Barrett remembered Byrdsong as a wonderful thinker and as being disciplined with the team.

There were times where Detroit had a game out of town and if any players were just a minute late in meeting the bus for departure, Byrdsong would have the bus take off without him to teach him a lesson.

“The players on those teams knew how much he really cared about them,” Barrett said.

It was on those bus rides that Barrett would sometimes get the opportunity to spend time with Ricky’s children.

“Ricky Jr. would be on my lap and Kelley sitting next to me,” he recalled.

There is a photo of Ricky Byrdsong placed on the wall at the north end of Detroit Mercy’s Calihan Hall.

The image is in front of Detroit Mercy’s fountain; his hands are open. He is well dressed in tan dress pants, a navy suit jacket, white shirt and red tie with gold diagonal stripes.

His big smile lights up the photo that was taken almost thirty years ago.

“As coaches, we always try to teach life lessons, not just basketball lessons, and Ricky was exceptional at that. I have a great deal of love and respect for him. I always will and it’s a part of my life that’s missed,” said Barrett.




“When you first come into a job, everybody thinks he’s got the magic touch,” Byrdsong said in the Jan. 6, 1990, issue of the Titan Court Report.

Before Detroit, Byrdsong served six years as an assistant coach for the University of Arizona Wildcats men’s basketball team, five of those years under the tutelage of head coach Lute Olson.

The Wildcats at the time had just made an appearance in the 1988 NCAA Final Four. Six year before, they had won only four games in a season.

When Byrdsong arrived in Detroit, the Titans had been on a losing streak and had not been to the NCAA tourney since the hey days of head coach Dick Vitale, almost 10 years earlier.

Byrdsong knew what it was like to go from losing to winning. He was given the task of building a winning basketball club.

“When you’re winning, you take it for granted,” Byrdsong said, “but I’ve found out you can never put too much time into getting the job done.”

His first season saw the Titans win seven games in an all-Division I schedule and get the team to the finals of the MCC tournament. The Titans seemed to be making progress.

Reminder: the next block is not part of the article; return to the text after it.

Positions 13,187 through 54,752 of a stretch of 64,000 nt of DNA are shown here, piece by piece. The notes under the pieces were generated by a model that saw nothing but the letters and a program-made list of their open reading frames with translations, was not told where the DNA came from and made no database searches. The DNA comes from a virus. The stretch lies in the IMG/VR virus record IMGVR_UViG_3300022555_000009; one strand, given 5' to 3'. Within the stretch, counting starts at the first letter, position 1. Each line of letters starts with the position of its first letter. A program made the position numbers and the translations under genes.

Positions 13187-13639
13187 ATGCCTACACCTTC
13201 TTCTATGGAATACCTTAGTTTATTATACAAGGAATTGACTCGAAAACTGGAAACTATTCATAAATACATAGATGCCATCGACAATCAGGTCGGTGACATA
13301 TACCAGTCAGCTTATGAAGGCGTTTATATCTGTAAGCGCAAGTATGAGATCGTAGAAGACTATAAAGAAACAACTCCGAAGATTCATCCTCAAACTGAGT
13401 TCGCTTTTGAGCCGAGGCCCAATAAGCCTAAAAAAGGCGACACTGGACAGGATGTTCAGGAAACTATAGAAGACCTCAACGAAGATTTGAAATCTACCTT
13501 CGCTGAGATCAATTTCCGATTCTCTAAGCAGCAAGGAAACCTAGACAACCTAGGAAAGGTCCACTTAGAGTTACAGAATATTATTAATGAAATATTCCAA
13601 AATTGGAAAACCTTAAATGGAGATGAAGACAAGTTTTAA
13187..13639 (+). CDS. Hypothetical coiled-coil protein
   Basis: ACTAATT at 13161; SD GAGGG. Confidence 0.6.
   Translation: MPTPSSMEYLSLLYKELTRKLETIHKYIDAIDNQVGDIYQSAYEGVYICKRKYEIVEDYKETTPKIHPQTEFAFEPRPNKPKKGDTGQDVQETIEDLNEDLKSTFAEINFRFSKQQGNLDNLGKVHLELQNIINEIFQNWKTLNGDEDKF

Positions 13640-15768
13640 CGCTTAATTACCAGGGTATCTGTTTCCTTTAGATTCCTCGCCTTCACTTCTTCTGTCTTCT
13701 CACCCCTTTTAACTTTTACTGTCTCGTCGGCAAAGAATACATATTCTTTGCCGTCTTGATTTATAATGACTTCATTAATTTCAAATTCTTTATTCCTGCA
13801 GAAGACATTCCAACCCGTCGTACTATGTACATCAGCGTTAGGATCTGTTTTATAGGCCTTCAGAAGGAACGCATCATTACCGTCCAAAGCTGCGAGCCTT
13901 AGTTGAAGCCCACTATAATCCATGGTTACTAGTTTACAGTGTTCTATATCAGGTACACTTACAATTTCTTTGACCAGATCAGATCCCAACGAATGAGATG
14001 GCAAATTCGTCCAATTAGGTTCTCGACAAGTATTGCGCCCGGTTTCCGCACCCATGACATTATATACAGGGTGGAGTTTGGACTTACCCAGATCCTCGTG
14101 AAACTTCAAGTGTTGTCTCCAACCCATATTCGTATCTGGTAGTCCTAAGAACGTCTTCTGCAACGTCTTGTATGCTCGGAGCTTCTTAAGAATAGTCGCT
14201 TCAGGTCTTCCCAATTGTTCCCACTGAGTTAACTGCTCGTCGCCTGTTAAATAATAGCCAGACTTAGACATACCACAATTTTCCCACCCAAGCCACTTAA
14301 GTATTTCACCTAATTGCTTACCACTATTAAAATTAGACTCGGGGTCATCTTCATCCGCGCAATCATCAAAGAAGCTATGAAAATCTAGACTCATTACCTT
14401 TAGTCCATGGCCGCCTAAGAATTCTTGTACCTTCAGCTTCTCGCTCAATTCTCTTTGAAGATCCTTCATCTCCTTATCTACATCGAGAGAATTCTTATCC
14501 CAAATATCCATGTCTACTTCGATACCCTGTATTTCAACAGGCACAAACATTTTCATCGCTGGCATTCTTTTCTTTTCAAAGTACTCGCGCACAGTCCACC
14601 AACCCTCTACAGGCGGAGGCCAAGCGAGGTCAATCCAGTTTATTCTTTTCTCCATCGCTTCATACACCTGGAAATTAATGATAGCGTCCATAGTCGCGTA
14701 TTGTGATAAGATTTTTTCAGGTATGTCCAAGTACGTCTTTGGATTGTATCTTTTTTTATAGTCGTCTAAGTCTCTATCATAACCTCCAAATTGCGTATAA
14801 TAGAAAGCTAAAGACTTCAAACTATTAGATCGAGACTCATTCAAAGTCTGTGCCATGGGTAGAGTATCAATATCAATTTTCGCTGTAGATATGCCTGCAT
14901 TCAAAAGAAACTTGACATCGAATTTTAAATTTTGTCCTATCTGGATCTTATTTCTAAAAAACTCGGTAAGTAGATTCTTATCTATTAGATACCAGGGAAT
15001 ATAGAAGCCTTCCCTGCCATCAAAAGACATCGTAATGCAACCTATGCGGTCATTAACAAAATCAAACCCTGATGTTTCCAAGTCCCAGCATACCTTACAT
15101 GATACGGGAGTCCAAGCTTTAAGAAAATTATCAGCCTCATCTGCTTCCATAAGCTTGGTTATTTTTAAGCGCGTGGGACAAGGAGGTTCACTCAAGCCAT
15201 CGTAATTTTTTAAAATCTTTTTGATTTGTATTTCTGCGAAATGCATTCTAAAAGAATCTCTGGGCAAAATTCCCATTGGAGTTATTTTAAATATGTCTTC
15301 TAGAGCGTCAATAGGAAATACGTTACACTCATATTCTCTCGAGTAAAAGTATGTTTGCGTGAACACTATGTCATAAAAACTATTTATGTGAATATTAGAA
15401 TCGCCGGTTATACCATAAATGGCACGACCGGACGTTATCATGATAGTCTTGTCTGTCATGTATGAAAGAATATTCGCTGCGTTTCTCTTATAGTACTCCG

Three years after he came to Detroit, he graced the cover on the Jan. 6, 1991, issue on the Detroit Free Press Magazine.

The headline read, “Against the Odds: Ricky Byrdsong is trying to win respect for the University of Detroit. But first he’s got to win some games.”

Byrdsong did win some games in the five seasons he served as head coach for Detroit Mercy, but he never got the Titans back to the NCAA tourney.

But he did win the hearts of his players, colleagues and much of the Detroit community.




It’s 1992, Herman Jenkins, who at the time was a senior at U of D Jesuit High School, met Ricky Byrdsong for the first time.

The previous summer Jenkins had played with Chris Webber on the super friends AAU team. “That summer, coupled with a good senior year in high school, got Ricky Byrdsong’s attention,” said Jenkins.

Byrdsong wanted to recruit Jenkins as a walk-on. The only problem was that he couldn’t offer Jenkins a scholarship

Jenkins had already been offered full ride scholarships from other schools, like Lake Superior State and Florida A & M, but he wanted to stay close to his hometown.

It was a conversation that Byrdsong had with his mother during a home visit that won over Jenkins.

“I’ll never forget my mother saying these words to Coach Byrdsong,” Jenkins said. “ ‘Mr. Byrdsong, you say to me that you going to treat my son like one of your own? And you sit here on my couch and you say to me my son is going to be guaranteed a scholarship next year? Are you telling me and are you saying this to me as if it’s true?’

“Byrdsong replied, ‘Ms. Jenkins, your son is my son and I will treat him as such. And I guarantee you that the first scholarship that becomes available, it will be his.’ “

After a teammate had lost his scholarship over legal trouble, Byrdsong gave Jenkins a scholarship his freshman year.

Jenkins was one of the last players Byrdsong recruited, and the funny thing is Jenkins never got to play in one game for him.

Jenkins played center in high school, but Byrdsong saw a different potential for Jenkins.

“I have a vision for you,” he told him. “I see you being a strong two guard, a strong defender, athletic three man, physical on the wing, and that’s where I’ll need you, but you have to sit out a year in order to get stronger and be ready to do it. But to reward you, I’ll let you travel and suit up for all the games.”